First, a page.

Artists and models

Oftentimes, the models who posed for famous paintings are overlooked. We are much more inclined to focus on the artist and on trying to interpret the meaning behind the painting. Except for a handful of iconic paintings, the models’ identities remain unknown, as do their stories. Take this painting for example:

Some of you may recognize it as Edouard Manet’s famous Le déjeuner sur l’herbe (Luncheon on the Grass, 1832–1883). The jarring image of the naked picnicker is probably quite familiar. She appears in a number of Manet’s paintings including his famous Olympia:

Who was this gal and what was her story? Her name was Victorine Meurent. Her fascinating story is the subject of a newly released historical fiction novel, Victorine by Drēma Drudge. The book pulls the curtain back on Ms. Meurent’s life, her relationship with Manet and her own artistic aspirations.

I’m thrilled to have secured an exclusive interview with author Drēma Drudge who will also select one of my lucky blog followers for the giveaway prize of a free copy of Victorine. Read the interview below.

Welcome to Art and Beyond, Drēma! What inspired you to write a book about a model as opposed to the painting or the artist?

From the moment I saw Victorine Meurent as Olympia in the painting by Manet, I felt she had things to say that the canvas couldn’t contain. Her eyes were condemning the viewer, yes, but it went deeper than that; to me, she was clearly playing a role and not with much patience. Her personality was so large that even Manet couldn’t wrestle it into staying on the canvas alone.

My first encounter with her was as a PowerPoint slide a professor put up for his class The Painted Word.  I couldn’t quit staring from one side of the painting to the other. When I saw the actual painting at Musée D’Orsay the next year, I had an even more intense feeling that Victorine really did want to speak to me. That’s when I began to research her and discovered that she was also an artist herself.

Long story short, I didn’t choose her; she chose me.

There were many model muses in art history. I have to ask – why Victorine?

The more I studied Victorine, the more I discovered that outside of Manet’s paintings, we don’t know much about her. She needed someone to give her back a voice, to bring her back to “Herstory.” For instance, no one remembered that she was an accomplished artist!

The primary book I studied to learn what little there is to know was Alias Olympia by Eunice Lipton. At the time she wrote her book in the 1990’s, no paintings of Victorine’s were thought to have survived.

By 2004, one painting had been rediscovered and had made its way into the museum in Colombes, the town Victorine lived in when she died. Though I really wanted desperately to see other paintings of hers, because I felt I would know so much more about her if I could see her subject matter and how she painted, at least I had the one. I’d have to make it enough, or so I thought.

Thankfully, during my research, my husband and I put together clues and rumors, did deep internet dives, and found that not only one, but that recently three more of her paintings have been recovered. I was giddy to discover this!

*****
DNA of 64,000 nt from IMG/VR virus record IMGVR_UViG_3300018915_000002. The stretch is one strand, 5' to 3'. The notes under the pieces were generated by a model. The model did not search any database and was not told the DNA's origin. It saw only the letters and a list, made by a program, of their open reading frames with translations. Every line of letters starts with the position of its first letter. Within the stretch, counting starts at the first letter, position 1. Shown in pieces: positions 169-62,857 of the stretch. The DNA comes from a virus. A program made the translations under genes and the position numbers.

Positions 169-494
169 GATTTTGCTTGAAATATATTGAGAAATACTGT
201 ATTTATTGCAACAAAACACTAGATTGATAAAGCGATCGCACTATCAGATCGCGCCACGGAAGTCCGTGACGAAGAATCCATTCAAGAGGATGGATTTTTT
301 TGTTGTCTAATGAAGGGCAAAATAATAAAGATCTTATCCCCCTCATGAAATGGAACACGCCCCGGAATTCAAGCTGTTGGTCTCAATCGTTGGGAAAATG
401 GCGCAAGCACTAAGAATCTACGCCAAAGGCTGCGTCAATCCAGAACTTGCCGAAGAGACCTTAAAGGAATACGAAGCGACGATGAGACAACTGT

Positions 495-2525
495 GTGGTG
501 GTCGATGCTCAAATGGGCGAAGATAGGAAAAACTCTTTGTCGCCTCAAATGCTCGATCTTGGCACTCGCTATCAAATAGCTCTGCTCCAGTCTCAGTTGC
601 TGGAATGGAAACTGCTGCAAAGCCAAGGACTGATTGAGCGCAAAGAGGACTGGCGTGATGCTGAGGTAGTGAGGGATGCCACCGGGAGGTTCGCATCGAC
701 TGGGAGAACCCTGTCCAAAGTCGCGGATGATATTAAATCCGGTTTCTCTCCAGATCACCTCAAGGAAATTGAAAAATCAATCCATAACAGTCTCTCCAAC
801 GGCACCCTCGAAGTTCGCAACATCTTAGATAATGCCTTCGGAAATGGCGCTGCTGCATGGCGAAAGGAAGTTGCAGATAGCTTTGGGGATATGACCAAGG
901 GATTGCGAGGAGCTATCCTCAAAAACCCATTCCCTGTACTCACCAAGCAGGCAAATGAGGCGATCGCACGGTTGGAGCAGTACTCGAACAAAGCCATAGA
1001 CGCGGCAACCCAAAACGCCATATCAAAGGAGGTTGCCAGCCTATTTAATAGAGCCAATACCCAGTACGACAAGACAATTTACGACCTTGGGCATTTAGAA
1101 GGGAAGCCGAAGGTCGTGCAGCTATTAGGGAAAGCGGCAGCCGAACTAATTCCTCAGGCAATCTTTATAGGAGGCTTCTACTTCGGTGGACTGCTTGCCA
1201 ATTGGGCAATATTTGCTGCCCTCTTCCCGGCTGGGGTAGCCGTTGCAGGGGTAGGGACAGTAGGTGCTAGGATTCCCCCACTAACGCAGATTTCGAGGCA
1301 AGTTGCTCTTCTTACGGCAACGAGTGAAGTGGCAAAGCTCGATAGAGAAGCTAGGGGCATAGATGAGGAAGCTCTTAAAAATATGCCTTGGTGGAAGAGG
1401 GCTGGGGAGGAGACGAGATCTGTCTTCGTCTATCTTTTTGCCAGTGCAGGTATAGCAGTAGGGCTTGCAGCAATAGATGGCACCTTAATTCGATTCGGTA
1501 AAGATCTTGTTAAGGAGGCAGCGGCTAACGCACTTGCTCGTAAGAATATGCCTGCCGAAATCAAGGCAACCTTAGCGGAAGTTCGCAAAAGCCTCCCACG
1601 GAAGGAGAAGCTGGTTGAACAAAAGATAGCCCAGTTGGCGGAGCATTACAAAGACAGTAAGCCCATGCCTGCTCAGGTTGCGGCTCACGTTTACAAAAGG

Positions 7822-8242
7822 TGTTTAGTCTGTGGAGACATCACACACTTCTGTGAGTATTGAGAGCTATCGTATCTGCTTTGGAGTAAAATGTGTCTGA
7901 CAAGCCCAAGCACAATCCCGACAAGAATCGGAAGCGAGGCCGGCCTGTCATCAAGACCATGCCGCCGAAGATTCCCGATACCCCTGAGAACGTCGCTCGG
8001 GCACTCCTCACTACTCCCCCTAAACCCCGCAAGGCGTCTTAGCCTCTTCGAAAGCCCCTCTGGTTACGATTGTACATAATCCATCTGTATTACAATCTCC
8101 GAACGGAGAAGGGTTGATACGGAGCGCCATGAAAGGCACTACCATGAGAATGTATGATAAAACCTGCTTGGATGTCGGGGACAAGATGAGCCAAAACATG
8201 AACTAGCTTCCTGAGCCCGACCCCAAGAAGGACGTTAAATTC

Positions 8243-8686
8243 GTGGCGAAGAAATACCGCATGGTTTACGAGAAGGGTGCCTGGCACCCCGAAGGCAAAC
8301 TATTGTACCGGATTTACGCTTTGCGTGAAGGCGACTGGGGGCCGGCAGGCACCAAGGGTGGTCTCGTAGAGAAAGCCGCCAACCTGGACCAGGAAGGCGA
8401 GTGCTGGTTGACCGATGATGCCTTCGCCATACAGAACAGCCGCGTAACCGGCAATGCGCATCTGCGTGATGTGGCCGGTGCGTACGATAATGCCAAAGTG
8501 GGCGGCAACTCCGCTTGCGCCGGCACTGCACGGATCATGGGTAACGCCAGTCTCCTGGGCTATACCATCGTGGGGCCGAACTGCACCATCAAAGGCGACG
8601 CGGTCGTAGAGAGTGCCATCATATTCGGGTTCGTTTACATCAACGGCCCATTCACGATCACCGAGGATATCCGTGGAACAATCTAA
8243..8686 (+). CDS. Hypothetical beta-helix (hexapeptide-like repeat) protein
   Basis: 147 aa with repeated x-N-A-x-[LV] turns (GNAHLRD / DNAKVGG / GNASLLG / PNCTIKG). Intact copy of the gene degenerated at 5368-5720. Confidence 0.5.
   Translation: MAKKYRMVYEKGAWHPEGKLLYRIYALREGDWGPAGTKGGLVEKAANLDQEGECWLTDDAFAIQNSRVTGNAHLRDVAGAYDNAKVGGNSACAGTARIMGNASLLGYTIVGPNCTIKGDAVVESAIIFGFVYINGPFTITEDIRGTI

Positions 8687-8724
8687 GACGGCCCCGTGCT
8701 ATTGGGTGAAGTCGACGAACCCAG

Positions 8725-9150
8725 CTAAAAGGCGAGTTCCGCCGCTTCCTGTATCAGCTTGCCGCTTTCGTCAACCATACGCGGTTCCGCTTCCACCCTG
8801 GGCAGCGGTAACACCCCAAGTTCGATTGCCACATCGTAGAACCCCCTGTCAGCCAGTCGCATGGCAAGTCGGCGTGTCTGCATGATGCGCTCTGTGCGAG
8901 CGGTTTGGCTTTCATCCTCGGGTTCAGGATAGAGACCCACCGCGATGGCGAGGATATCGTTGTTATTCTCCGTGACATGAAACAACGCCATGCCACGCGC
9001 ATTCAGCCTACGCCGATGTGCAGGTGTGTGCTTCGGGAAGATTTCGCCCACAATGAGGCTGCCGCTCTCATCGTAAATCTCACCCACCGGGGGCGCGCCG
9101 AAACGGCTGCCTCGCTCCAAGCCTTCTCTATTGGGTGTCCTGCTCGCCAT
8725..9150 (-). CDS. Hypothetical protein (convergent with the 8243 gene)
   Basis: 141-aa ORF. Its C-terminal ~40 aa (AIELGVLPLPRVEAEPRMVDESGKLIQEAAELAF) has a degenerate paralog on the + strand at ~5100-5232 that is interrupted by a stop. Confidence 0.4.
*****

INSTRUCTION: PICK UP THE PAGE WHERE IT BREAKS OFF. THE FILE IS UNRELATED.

The most exciting one is on my book’s back cover. It’s her self-portrait, one from 1876 that was accepted by the prestigious Paris Salon in a year when Manet’s work was rejected. We believe my book is the first place her self-portrait has been printed, and I am so honored.

Being able to study how she saw herself, instead of seeing her as only painted by so many men, helped me to feel confident that I had read her correctly. (We didn’t discover the painting until just before the book went to press, and yes, my editor said she would stop the press while I made a few last-minute adjustments.)

Do you think Manet would have been inspired to paint some of his most famous works if it were not for Victorine?

No, I don’t think he would have. You see Victorine in those paintings of his such as Olympia and Luncheon on the Grass, and who could have modeled with that same aura of arrogance, confrontation, and simultaneous disengagement that was so prevalent in his paintings of her? I think her bravado gave him courage.

One of the interesting and unexpected discoveries in your novel is the fact that Victorine was an artist in her own right. How did this influence her role as Manet’s muse?

                It appears that Victorine didn’t officially become an artist until after she quit sitting for Manet, and yet that artist’s eye must have been developing in her all along. I think they more or less “co-created” the paintings. In my novel I have her challenging him, helping him to really think about what he’s painting and why. I can’t know if that’s how it was in real life, and yet his was such a unique talent, it does seem that he had to have been influenced by someone or something outside of what was in vogue. I’d like to think that someone was Victorine. 


My own recently released novel ‘L’Origine: The secret life of the world’s most erotic masterpiece‘ divulges the identity of a model who has remained a mystery for over a century. The book is receiving amazing reviews – check it out and order a copy for yourself or as a gift. Merci!!!